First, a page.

Large array size in C++ - SGI

This is a discussion on Large array size in C++ - SGI ; Hi all! I am trying to run a Neural network program written in C++ on my SGI prism server. But for a larger array size, it is giving me segmentation fault. Is there any where I can make compiler to ...

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  1. Large array size in C++

    Hi all!

    I am trying to run a Neural network program written in C++ on my SGI
    prism server. But for a larger array size, it is giving me segmentation
    fault.

    Is there any where I can make compiler to accept higher array size?



    Regards,
    swagat


  2. Re: Large array size in C++

    In article <1151644162.350979.284950@h44g2000cwa.googlegroups. com>,
    swagat wrote:
    >I am trying to run a Neural network program written in C++ on my SGI
    >prism server. But for a larger array size, it is giving me segmentation
    >fault.


    >Is there any where I can make compiler to accept higher array size?


    Maybe. Is the array a static variable or an automatic variable
    (local to a function), or is it dynamically allocated memory?

    Have you attempted to adjust your ulimit values at the shell level?
    $ ulimit -a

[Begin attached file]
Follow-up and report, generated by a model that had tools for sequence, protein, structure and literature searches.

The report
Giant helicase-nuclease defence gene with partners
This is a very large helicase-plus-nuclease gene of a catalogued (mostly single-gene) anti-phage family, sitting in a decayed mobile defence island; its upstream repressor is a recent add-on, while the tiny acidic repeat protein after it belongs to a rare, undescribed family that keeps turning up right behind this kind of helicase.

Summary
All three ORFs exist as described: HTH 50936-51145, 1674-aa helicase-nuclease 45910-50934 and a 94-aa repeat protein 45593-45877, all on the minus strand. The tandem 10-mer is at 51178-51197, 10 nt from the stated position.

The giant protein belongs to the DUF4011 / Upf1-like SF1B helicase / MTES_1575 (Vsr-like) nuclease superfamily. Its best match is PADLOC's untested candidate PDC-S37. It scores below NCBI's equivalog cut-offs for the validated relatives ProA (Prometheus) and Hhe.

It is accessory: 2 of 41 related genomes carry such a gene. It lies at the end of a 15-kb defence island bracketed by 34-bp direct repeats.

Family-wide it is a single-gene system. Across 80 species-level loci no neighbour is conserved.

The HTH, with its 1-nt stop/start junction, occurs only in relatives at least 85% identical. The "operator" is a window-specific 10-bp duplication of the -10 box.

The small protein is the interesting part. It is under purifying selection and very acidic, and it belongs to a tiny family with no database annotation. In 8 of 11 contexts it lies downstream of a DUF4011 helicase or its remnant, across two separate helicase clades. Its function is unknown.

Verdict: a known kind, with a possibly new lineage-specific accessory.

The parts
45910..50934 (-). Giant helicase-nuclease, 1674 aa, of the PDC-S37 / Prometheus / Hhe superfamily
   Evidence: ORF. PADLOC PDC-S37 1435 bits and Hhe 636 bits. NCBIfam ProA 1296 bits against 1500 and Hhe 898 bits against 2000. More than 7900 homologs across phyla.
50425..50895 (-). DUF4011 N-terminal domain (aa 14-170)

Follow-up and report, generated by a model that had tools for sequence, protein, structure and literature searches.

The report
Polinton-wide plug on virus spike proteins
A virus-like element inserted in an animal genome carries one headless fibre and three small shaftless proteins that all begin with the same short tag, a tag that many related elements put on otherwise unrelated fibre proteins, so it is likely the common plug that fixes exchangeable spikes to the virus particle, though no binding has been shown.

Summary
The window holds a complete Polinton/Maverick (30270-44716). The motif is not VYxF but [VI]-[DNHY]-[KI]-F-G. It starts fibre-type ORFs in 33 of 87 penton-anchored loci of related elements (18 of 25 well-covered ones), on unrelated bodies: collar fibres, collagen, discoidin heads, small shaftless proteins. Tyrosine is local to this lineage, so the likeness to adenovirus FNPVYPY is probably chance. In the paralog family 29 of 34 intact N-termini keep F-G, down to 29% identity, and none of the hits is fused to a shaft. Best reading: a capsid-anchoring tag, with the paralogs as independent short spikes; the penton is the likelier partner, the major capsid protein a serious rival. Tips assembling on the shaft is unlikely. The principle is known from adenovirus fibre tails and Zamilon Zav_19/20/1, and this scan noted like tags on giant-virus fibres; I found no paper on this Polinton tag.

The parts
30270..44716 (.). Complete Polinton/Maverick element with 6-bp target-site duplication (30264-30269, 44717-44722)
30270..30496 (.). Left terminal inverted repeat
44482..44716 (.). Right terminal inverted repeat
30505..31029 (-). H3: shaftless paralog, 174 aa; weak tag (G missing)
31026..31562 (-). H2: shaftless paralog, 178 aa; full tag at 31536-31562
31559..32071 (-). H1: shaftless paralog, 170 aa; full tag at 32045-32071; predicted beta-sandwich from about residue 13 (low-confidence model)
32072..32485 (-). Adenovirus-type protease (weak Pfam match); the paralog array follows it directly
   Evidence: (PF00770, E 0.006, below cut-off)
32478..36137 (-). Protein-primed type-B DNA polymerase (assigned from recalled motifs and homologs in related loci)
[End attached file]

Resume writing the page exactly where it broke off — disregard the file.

time(seconds) unlimited
    file(blocks) unlimited
    data(kbytes) 524288
    stack(kbytes) 65536
    memory(kbytes) 121916
    coredump(blocks) unlimited
    nofiles(descriptors) 200
    vmemory(kbytes) 524288

    Have you checked with systune to see what the maximum resources are?

    Have you used the linker options to reposition the libraries to
    give you more room? See the 'dso' man page; if you need to
    do the repositioning for an existing executable, see rqs .

  3. Re: Large array size in C++


    > Have you attempted to adjust your ulimit values at the shell level?


    'ulimit -a' gives me following output on my system
    ---------------------------------------------------------------------
    $ ulimit -a
    core file size (blocks, -c) 0
    data seg size (kbytes, -d) unlimited
    file size (blocks, -f) unlimited
    max locked memory (kbytes, -l) unlimited
    max memory size (kbytes, -m) unlimited
    open files (-n) 1024